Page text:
For modern men, the frontline is everyday life in the “real world” which is waging total war against Christ. Chartres is the reprieve, a place where soldier becomes pilgrim for a short while in order to heal and restore his soul before returning to the front.

We were praying the Rosary when I saw her for the first time this year. I heard the voice of a young man from the front of our chapter shout out: “There she is! Look there, the spires of Chartres.”

I looked up and was surprised to find the words of the Hail Mary inexplicably caught in my own throat. I couldn’t speak as tears, astonishingly enough, filled my eyes. Why? I’m not sure.  Because l’Eglise est notre mere, I suppose, and the sight of her even far off on the horizon offered welcome promise of home. An aching, longing for the embrace of Mother Church became tangible just then, even despite the sex scandals, the crisis in the liturgy, and that illusive figure of Despair that’s always lurking in the shadows, never sleeping, never resting.

Along the road to Chartres, Despair doesn’t have a chance. A child praying, an old man confessing, a young priest in cassock can, in an instant, transform the doubting pilgrim into a champion of the Catholic order. The vision of a cathedral in the distance after days on the road to Chartres can make even the most jaded pilgrim yearn to lay down his life for Christ’s Bride. On the road to Chartres chivalry is also restored and the faithful soldier of Christ is born again.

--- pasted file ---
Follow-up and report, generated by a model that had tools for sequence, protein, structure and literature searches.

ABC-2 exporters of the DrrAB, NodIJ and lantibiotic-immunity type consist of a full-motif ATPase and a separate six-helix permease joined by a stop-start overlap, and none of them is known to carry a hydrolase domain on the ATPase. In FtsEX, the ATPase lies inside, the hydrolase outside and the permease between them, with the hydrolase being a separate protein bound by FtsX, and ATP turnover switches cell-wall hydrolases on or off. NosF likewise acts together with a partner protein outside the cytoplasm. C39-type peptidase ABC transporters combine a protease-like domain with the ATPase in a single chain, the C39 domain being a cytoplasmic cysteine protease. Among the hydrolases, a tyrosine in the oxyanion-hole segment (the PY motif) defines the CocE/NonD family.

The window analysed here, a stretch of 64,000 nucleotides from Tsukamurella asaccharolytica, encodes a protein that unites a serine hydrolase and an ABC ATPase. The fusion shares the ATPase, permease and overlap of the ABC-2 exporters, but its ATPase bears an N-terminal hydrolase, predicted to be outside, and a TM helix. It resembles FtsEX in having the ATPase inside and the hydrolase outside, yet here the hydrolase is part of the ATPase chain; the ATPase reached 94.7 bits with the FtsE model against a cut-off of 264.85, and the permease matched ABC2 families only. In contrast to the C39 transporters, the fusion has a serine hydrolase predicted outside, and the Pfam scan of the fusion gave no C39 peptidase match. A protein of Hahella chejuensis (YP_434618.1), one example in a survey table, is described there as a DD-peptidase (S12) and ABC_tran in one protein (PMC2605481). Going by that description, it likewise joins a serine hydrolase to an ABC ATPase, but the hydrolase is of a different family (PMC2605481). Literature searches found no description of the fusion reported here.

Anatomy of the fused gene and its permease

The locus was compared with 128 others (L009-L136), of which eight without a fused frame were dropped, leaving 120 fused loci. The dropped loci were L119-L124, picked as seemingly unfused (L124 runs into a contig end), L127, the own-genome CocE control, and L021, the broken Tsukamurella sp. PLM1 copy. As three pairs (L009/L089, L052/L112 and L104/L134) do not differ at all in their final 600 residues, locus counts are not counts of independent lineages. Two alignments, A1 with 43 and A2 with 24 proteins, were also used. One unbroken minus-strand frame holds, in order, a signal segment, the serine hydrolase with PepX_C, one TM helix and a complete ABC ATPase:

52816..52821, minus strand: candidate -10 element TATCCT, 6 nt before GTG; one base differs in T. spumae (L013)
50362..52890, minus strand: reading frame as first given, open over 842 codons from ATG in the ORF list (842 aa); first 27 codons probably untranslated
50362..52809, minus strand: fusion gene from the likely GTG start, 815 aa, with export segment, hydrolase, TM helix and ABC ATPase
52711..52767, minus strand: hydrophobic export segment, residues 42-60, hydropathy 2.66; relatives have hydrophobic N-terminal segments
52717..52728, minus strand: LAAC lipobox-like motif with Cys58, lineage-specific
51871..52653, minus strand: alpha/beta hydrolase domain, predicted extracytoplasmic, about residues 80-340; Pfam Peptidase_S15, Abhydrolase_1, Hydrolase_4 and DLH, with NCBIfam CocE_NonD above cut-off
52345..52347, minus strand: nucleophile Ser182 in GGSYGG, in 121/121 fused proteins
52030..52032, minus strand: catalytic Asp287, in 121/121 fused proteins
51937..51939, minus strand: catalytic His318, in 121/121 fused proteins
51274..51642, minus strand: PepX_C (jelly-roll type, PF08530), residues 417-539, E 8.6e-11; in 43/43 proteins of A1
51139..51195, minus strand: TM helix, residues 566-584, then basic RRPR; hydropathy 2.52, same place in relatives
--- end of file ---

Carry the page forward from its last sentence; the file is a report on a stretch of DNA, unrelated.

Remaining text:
A Shepherd in the Camp

Cardinal Vingt-Trois surrounded by 10,000 pilgrims

On the second night of the Pilgrimage this year the pilgrims had a chance to experience this phenomenon for themselves.

There was more excitement than I’d ever seen as the American chapter of some 65 pilgrims made its way down the steep embankment into the camp. Exhausted and parched after two days beneath a merciless sun, all we wanted to do really was find our tent and fall to the ground. But a throng of French pilgrims blocked our way, their jubilant song rising  up before us like the tide at sea.

All at once I heard my own name being shouted by several Frenchmen just ahead. As leader of the U.S. chapter I was being summoned. But why?

I made my way through the bedlam and soon understood. The Cardinal Archbishop of Paris himself was standing at the gate, greeting each chapter as the miles-long column of pilgrims entered the camp. Head to toe in traditional red, His Eminence was being hailed like a victorious general by battle-weary troops.